Day 33

 It’s Sunday, but there is work to do. The sun is back, the heat hasn’t really left. All the reasons for an afternoon departure. We are joining Róbert in Yokohama. Yokohama is the second-biggest city in Japan in terms of population. It is 45 minutes away in subway. We exit the subway at our rendez-vous point, Yokohama’s Chinatown, one of the largest in the world. Yokohama was the one of the first Japanese ports to open to foreign trade, in 1859. Foreigners were allowed to live in Japan only in a small area of the city. This explains why there is such a big Chinatown, and an occidental neighborhood next to it. There is, furthermore, a big US military base on the other side of the bay, with a US neighborhood: pay in dollars, US movies at the same time as in the US, US goods… We will not have time to check that out. 

It’s Sunday, Chinatown is very crowded. At each of its entrances, an ornate gate, bigger ones for bigger streets. It is full of shops and, even more so, of restaurants. But there are also a number of temples and shrines. We enter a few boutiques, then check out a first shrine. The Yokohama Kuan Ti Miao shrine is a Buddhist shrine in honor of an emperor. It was destroyed multiple times (earthquake, war). It is quite colorful, with red very present (as always) but lots of green, too. After the visit, we buy sesame balls, something Noe has been dreaming of, and go check out a second temple: the Masoboyo temple. It has a grandiose gate, and is also quite colorful.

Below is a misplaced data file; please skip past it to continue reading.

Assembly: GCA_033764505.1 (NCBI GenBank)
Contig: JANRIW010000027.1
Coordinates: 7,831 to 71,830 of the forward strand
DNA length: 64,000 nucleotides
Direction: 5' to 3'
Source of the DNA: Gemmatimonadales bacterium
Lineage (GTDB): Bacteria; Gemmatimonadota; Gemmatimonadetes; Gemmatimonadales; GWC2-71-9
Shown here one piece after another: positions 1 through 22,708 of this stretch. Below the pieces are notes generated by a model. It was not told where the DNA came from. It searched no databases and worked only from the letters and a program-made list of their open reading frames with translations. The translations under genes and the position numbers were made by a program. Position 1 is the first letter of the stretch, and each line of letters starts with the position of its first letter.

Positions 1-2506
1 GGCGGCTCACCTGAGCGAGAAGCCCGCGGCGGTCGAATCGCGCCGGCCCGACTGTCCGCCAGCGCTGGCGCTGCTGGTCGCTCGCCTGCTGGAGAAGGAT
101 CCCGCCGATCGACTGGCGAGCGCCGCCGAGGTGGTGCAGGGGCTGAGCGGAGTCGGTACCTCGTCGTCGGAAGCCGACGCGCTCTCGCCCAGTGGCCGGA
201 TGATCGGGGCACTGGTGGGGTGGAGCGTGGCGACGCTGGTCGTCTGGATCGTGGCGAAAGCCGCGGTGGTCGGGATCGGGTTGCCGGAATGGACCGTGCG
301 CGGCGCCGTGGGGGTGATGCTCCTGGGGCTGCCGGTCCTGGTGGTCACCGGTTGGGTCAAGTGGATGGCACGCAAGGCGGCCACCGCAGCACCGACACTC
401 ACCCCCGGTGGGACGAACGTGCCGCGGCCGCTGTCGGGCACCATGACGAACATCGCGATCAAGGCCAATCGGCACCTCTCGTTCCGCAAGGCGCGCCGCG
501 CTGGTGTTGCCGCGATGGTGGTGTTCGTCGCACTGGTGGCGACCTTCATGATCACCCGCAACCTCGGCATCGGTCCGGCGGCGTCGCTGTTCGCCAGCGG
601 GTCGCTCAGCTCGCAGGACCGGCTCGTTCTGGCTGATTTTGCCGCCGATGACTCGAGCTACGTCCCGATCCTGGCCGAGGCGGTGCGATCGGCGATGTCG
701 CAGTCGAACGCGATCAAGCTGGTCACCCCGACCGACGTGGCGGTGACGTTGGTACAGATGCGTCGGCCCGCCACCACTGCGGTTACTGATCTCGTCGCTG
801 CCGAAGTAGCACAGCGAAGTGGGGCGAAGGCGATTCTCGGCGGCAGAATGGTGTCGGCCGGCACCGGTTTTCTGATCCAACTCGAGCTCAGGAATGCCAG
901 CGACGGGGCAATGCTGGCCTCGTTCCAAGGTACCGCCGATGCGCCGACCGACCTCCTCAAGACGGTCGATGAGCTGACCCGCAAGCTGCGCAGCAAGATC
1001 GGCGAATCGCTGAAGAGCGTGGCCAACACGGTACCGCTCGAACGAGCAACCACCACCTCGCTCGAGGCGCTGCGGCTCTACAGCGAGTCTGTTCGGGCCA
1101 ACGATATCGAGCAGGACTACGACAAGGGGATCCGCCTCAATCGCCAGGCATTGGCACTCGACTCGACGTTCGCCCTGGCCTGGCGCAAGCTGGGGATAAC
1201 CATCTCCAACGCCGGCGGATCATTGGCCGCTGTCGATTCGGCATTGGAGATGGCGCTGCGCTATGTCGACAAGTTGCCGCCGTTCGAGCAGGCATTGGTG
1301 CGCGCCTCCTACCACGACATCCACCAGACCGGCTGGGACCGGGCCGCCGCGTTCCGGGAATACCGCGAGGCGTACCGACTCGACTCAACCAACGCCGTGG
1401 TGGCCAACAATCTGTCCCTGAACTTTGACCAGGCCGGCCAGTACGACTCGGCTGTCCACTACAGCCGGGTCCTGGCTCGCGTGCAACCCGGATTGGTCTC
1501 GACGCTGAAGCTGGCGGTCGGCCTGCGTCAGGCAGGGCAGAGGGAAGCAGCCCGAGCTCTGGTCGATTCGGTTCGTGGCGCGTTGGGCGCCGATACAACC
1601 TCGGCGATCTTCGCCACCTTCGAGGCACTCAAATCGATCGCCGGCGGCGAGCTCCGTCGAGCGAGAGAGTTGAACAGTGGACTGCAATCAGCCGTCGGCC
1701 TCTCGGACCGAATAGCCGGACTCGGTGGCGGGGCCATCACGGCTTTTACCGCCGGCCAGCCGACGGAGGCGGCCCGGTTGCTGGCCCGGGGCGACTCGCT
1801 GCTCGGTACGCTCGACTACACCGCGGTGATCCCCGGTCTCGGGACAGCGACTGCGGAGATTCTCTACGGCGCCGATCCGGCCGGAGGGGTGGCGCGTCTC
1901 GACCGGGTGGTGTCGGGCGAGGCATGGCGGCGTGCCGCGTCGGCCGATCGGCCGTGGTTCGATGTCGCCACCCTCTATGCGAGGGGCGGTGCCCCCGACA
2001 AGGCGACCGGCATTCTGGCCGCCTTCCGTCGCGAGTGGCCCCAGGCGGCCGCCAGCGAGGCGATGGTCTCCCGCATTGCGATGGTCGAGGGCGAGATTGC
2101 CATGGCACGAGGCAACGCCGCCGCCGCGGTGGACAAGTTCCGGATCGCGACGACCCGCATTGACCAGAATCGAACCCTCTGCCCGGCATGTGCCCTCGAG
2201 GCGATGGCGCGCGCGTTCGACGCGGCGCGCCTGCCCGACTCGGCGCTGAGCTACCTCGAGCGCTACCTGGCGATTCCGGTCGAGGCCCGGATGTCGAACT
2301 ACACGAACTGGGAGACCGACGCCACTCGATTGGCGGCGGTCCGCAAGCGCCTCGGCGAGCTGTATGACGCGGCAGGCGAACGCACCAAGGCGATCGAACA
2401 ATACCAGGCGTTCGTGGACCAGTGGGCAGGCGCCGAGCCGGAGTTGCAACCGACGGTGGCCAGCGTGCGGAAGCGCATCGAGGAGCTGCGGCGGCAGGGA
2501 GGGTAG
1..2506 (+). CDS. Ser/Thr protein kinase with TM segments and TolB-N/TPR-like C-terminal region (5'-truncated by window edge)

After a little detour to go through one of the streets of what used to be the foreigner quarters, an avenue that looks a bit more European than most here, we reach the Yokohama bay. There is a place that exhibits a giant robot, we take a peak at the robot moving from outside the gates, as many. It’s the Gundam factory. We pass the NYK Hikawa Maru, a ocean liner of the thirties on which some stars travelled (Charlie Chaplin). The boat was converted in a medical boat during the war, and survived the war as such. It was restored as a maritime museum. As we walk, we notice more and more dogs, most of them in carriages. It seems small and medium dogs are transported by carriage in Japan, and Yokohama is a dog (and pets) friendly place. We reach the Yokohama Red Brick Warehouse, in front of which takes place the curry and music festival. The place is full of dogs! We are hungry and decide to have some curry. An unexpected firework starts, sending the dogs in frenzy. After dinner, we continue walking amongst dogs and dog owners, and go have a delicacy the teenagers have been asking for a long time, bubble tea. It will be Noe and Samuel’s first, maybe not last. A last stroll through Hammerhead park, to see the peer that was built to greet foreign cruisers but has never hosted any, as it was built just before Covid, and it is off to the subway. The baseball game has finished, clearly, so we are not alone. Thankfully, after one stop we get seats, as the subway gets more and more crowded, but in a very orderly way. After a while, it gets better, and we reach home in time for a quick call to Europe, showers, and sleep.



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